Think twice before you bare your essentials

If taking personal nude photos is one’s fetish, then one should really consider the grave consequences. In recent years, there has been an increase in people capturing nude pictures of themselves and posting them online, or keeping them on their phones.

People of all stripes are following this growing trend, and it’s becoming dangerous and self-degrading.

For centuries, the naked body was seen as a work of art, and was the central subject of many great works of art. In the Victorian era, public displays of nudity were seen as taboo.

Back then, nude pictures were kept in a locked box in the back of the closet, or in a safety deposit box. Today, people freely distribute photos of their private parts as a way to create a buzz about them, or to keep sexual attention.

Celebrities get publicity from naked photo leaks and normal folks get the attention they want from their peers.

This over-sexualized and narcissistic society has helped create this phenomenon of taking and sending naked photos.

People are more concerned with their appearances and appeal that they portray to others. Just look at the plethora of weight-loss plans and cosmetic surgery advertised, making people either more insecure or overly confident.

We want to be desirable to others, and the ultimate test for women is whether they look good in provocative clothing.

It is not uncommon in today’s newscasts to see a leaked celebrity’s nude photo.

In a day where being scandalous keeps you relevant, the reoccurrence of “hacked” naked photos is no coincidence. Celebrities who find themselves in that situation need the publicity and, as the proverb goes, sex sells.

Look at Kim Kardashian and her sisters, they have created a multi-million dollar entertainment empire and reached incredible celebrity status by selling themselves through the vehicle of sex.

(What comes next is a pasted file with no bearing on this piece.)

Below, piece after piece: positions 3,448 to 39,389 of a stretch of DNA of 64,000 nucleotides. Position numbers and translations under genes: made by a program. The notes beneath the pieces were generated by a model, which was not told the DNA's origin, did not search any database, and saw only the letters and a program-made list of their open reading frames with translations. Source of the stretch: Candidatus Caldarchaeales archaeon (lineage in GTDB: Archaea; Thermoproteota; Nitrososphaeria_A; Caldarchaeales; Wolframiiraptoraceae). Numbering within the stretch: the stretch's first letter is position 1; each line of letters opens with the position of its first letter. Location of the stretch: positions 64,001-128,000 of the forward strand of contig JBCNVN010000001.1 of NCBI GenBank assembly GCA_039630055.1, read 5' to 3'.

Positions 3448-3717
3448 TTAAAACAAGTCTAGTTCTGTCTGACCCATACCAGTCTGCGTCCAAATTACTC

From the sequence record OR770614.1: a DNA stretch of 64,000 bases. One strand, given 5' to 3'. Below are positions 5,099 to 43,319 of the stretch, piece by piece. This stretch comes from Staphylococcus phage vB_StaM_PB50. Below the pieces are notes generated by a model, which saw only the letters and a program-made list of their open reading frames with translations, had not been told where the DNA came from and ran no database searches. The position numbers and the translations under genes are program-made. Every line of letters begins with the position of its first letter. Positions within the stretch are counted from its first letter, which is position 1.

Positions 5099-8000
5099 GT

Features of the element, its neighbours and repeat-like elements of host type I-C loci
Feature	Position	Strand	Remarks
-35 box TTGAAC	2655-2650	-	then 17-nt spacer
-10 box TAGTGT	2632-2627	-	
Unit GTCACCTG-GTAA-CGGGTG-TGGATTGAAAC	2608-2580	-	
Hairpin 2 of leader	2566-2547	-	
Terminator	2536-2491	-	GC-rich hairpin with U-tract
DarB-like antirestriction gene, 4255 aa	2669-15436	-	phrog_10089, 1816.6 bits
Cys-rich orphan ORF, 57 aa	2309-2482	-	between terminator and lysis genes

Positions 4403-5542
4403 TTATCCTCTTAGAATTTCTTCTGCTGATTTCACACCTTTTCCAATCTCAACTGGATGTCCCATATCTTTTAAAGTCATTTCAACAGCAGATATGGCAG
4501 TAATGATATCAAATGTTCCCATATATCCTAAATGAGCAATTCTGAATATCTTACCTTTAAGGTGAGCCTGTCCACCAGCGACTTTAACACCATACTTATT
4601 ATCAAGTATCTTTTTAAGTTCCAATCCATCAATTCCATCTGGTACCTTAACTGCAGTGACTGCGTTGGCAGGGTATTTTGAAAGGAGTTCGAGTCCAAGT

In 2007, Kim Kardashian made a sex tape with her then boyfriend singer Ray-J.

The tape was shortly thereafter purportedly stolen and sold to the public.

Publicity stunt? Most likely; but ever since that watershed moment in celebrity porno history, there have been a slew of celebrities who have been granted their 15 minutes of fame by snapping naughty pictures.

Everyone has the right to take nude pictures. But why would anyone store them on a phone or computer, and risk them being sent out or viewed by the wrong people?

Why would anybody send a compromising photo to anyone knowing the rise of phone and cyber hackers? People need to be more aware of the lack of privacy that is affiliated with the Internet and phones.

Last July, George Samuel Bronk of Citrus Heights Calif., was convicted of hacking more than 230 email and Facebook accounts of women nationwide.

According to Information Week, Bronk stole naked pictures and personal information, and sent them to all of their email contacts, exposing women’s secrets.

Although this is a pretty extreme case, if these women had been a little more responsible and not stored naked photos of themselves on their Facebook and email accounts, would they have been affected as much?

Probably not, since hackers wouldn’t have been able to attain them.

Another fantastic example is the recent case of former U.S. Representative Anthony Weiner, who decided to send risqué photos of himself to a porn star in exchange for both sexually charged conversations and photos from her.

Due to of his impulsive decision to send provocative photos, he made what could possibly be described as the greatest gaffe of his political career.

The scandal became an international sensation, which ultimately led to his resignation.

Taking naked pictures isn’t wrong in and of itself, but be aware of the possible outcomes that can occur if someone hacks your computer or your phone for those photos. It can affect your career, family, and everyday life.